Telling the stories of urban life, one book at a time
When Michael Nutter became mayor of Philadelphia in 2008, he came into office with an ambitious to-do list. But the Great Recession had just hit, forcing his ideas to take a temporary backseat.
Unexpectedly, “he was scrambling to stay above water, but that didn’t stop the mission. It didn’t stop the leadership,” says Susan Wachter, co-director of the Penn Institute for Urban Research (Penn IUR) and a Wharton professor of real estate and finance. “It wasn’t reactionary, but a thoughtful response coming from deep thinking that’s been informed by many years in public service.”
Now, Nutter, a fellow at Penn IUR and an executive fellow at the School of Social Policy & Practice, has put this experience—and many others from his eight-year tenure leading Philadelphia—into a new book called “Mayor: The Best Job in Politics,” which he will discuss with Penn Provost Wendell Pritchett on Tuesday, Feb. 27, at Perry World House.
The volume is part of Penn Press’ “City in the Twenty-First Century” series overseen by Wachter and Eugenie Birch, Penn IUR co-director and a professor of urban research and education in the School of Design. The series currently has a list of more than three-dozen books aimed at showcasing a breadth of experiences about the urban condition.
“We want voices that are coming from all perspectives that make a difference in moving the urban dialogue forward,” Wachter says. “This book series is one way that we get impactful work that affects decision-making.”
For the series, Birch and Wachter seek out three types of manuscripts: Those by seasoned academics doing ground-breaking research; those by young researchers whose work represents new scholarship; and those by people like Nutter, whose professional successes—and even some failures—have greatly impacted urban life.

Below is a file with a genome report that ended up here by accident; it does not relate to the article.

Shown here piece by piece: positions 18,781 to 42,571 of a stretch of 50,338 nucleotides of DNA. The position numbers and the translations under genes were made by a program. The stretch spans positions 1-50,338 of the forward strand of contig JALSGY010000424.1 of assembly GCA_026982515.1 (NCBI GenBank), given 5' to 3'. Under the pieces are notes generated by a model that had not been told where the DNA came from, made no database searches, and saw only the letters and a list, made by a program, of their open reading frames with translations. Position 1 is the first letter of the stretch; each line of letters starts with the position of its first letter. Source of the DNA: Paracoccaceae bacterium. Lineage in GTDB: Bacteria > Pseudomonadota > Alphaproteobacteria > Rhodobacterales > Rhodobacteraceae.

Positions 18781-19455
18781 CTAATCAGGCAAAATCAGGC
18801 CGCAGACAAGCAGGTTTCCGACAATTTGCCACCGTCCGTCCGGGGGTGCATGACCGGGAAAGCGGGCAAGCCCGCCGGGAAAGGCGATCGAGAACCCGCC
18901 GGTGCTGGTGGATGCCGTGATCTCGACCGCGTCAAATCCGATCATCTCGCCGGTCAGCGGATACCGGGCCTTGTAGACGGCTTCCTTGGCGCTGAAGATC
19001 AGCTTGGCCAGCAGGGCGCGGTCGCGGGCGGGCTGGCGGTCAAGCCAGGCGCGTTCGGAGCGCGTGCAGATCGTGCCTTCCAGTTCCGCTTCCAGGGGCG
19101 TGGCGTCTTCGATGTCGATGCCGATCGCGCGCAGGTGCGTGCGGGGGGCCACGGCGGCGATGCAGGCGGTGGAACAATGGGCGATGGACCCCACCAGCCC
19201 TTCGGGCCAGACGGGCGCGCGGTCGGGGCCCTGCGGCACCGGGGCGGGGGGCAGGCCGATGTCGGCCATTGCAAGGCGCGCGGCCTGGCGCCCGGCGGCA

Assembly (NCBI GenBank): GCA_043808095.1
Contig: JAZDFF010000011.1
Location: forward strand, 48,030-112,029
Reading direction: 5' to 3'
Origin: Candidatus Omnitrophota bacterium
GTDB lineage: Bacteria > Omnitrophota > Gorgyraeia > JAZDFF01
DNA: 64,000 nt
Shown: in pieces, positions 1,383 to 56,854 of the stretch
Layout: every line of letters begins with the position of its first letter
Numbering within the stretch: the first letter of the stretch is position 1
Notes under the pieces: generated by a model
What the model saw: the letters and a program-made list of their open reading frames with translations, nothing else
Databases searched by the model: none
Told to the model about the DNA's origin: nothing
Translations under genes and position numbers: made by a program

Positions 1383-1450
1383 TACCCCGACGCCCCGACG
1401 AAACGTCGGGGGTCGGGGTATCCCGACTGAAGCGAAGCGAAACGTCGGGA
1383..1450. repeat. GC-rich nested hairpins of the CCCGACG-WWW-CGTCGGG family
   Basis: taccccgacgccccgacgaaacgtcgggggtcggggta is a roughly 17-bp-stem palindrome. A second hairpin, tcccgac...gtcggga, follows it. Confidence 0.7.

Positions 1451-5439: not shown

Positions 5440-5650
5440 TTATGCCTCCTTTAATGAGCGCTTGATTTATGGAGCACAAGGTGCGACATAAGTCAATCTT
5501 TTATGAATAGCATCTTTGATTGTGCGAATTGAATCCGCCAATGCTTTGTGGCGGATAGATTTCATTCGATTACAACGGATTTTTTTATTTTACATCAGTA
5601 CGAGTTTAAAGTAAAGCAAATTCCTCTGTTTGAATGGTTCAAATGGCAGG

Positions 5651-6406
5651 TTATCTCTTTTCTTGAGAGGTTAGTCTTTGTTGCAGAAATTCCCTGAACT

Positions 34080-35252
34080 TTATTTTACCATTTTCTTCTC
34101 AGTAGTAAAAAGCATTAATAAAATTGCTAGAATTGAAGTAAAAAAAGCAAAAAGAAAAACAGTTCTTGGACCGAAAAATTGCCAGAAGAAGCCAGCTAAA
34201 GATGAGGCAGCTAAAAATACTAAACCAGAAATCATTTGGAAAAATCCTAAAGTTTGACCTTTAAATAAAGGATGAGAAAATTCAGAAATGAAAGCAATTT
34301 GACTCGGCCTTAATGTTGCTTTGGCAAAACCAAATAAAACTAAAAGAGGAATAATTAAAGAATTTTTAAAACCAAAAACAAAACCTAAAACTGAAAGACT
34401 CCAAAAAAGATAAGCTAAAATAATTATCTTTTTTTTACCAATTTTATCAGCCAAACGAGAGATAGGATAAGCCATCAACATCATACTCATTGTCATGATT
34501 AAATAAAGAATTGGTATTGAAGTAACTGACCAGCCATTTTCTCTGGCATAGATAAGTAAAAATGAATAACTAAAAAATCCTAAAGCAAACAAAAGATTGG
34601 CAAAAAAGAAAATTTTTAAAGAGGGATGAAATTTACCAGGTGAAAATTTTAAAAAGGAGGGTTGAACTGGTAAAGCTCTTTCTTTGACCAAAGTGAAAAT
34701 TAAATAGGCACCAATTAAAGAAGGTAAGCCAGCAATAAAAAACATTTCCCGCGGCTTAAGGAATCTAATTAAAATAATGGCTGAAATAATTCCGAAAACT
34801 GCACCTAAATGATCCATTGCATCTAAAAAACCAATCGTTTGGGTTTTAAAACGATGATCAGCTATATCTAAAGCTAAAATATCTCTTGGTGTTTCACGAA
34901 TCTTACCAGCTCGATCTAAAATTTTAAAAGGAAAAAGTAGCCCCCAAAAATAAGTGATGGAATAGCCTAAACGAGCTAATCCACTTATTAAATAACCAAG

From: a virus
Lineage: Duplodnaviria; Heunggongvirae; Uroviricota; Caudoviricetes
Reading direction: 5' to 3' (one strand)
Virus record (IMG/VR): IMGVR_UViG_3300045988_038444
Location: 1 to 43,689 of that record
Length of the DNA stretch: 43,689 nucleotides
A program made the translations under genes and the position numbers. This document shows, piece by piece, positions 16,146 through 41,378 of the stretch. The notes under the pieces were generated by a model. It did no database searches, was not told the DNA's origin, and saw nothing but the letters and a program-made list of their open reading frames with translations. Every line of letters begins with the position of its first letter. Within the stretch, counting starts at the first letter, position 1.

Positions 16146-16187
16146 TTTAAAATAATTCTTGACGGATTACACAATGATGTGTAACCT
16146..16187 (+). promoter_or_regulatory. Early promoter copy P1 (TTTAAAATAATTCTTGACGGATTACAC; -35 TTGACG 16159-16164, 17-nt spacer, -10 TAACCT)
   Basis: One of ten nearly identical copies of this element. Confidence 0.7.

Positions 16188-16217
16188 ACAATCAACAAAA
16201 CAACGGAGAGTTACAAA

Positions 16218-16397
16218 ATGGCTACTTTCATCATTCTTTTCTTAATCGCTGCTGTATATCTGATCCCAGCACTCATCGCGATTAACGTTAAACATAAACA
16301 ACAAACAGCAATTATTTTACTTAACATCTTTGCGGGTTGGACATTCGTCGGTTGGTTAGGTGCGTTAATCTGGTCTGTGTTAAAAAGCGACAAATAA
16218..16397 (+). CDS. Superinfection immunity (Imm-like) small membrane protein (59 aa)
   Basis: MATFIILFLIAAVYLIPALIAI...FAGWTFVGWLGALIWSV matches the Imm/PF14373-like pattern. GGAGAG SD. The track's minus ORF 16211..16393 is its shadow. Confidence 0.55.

“We wanted to keep the series fairly broad, modern, and we wanted to be distinct,” Birch says. “We try to be topical, obviously, capturing the important subjects that other people aren’t doing in urban reporting. And we always have our eyes out for really good people and manuscripts. We want to make sure this series is read and that people think it’s important.”
To that end, Wachter and Birch have edited a book about rebuilding following a disaster and another about sustainability in cities. Later in 2018, Birch says they expect to publish one about the legacy of planning history, another about rapid urbanization in India, and a third about activism and environmental policy in Washington.
The researchers don’t foresee a shortage of topics anytime soon, especially as more people in the United States move into cities. Right now, more than 80 percent of the U.S. population lives in urban areas.
“As we’re heading up to 70, 80 percent in cities worldwide, the global crises and challenges will increasingly be urban,” Wachter says. “That’s what’s so fascinating about this. The issues will not end, and we will take them on as we see them.”